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Is it acceptable to set up a gig so that the package price is the _base_ price, and the actual price is determined by the selected services (extras)?



I work in software. In my case, I would like to offer closely related services of:

  1. debugging
  2. refactoring
  3. and/or documenting software.

The problem:

Each service has to have a different price, as each service has different requirements. I wouldn't want to be charging a customer, say, the same amount for debugging as I would be for documenting, that would be just excessive.

In addition to this, I would like that my customer be able to order a combination of these services. Perhaps they need a complete overhaul of their software, which is something I would like to accommodate for, without requiring multiple orders.

The proposed solution:

The solution I came up for this is to make the package price the *base* price, which is the starting price for the service, going up through the combination of services a customer would select. Each service is instead made into an extra, where the customer must pick from 1 or more extras to get the final price. I would include a highlighted disclaimer about the package price representing the base price, the final price being based on the service(s) selected.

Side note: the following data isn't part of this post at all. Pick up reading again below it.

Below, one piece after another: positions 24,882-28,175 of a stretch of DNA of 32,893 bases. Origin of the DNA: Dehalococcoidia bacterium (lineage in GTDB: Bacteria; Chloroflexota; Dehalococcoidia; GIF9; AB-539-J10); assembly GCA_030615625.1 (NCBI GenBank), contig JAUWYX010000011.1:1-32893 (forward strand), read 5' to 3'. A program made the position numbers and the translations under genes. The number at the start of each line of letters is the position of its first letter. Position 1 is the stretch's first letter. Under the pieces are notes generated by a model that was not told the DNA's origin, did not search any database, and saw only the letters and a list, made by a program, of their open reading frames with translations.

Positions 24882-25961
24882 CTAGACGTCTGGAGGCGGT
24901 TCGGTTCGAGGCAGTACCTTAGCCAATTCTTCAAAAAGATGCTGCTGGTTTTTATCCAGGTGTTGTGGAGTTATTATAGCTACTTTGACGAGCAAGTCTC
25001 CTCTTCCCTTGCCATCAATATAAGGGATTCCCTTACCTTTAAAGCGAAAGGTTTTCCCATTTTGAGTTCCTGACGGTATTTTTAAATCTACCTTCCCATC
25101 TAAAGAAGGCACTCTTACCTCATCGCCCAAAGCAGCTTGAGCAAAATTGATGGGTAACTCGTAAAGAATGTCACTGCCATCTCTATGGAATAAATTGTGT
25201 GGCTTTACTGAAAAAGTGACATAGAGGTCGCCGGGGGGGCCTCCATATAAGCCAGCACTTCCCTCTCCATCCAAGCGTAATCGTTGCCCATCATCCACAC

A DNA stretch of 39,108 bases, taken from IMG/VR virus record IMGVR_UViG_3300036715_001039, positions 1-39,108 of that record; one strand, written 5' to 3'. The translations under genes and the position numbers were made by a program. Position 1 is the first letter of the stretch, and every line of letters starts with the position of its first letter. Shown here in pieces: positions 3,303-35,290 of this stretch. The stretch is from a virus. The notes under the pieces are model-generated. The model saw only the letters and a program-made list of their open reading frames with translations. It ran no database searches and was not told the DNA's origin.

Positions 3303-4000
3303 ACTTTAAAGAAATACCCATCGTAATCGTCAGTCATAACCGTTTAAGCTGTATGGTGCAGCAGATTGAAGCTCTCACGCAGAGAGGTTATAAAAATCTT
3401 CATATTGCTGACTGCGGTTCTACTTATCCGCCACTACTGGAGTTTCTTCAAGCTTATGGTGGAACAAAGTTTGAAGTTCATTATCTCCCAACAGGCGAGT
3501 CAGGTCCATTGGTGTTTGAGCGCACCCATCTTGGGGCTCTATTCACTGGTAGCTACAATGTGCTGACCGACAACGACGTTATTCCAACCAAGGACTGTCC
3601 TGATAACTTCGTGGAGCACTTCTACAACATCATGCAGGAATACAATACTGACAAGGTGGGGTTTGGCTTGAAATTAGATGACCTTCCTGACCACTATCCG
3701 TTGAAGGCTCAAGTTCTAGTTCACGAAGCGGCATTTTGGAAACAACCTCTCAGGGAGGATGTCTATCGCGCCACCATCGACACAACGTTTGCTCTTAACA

The concerns:

Using the proposed solution, there could be a case where a customer accidentally opened an order without having selected a service. Would I then simply be able to close the order and ask the customer to re-file it? This also leads me to ask whether this way of going about offering a service with multiple options is commonplace, or if I should find another way of going about this.

I'd greatly appreciate any insight into this, or any suggestions.

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The only way to do this is through the three packages and gig extras. You can't make gig extras mandatory, however. You can create custom gig extras added to the order after it is placed, but you would have to make it really, really! clear that those would happen with every order. An option is to put something in the required order information like "Each order will have custom services and charges added unique to your needs. If you understand and agree to this, type 'I understand and agree' (or some such). It's a way to 'try' to enforce their understanding of the billing process.

I'm not sure if this would work with what you do, but you could also set up a consulting type package where the project is discussed -- IF you can give them sufficient value outside of just figuring out what they need and what they will pay.

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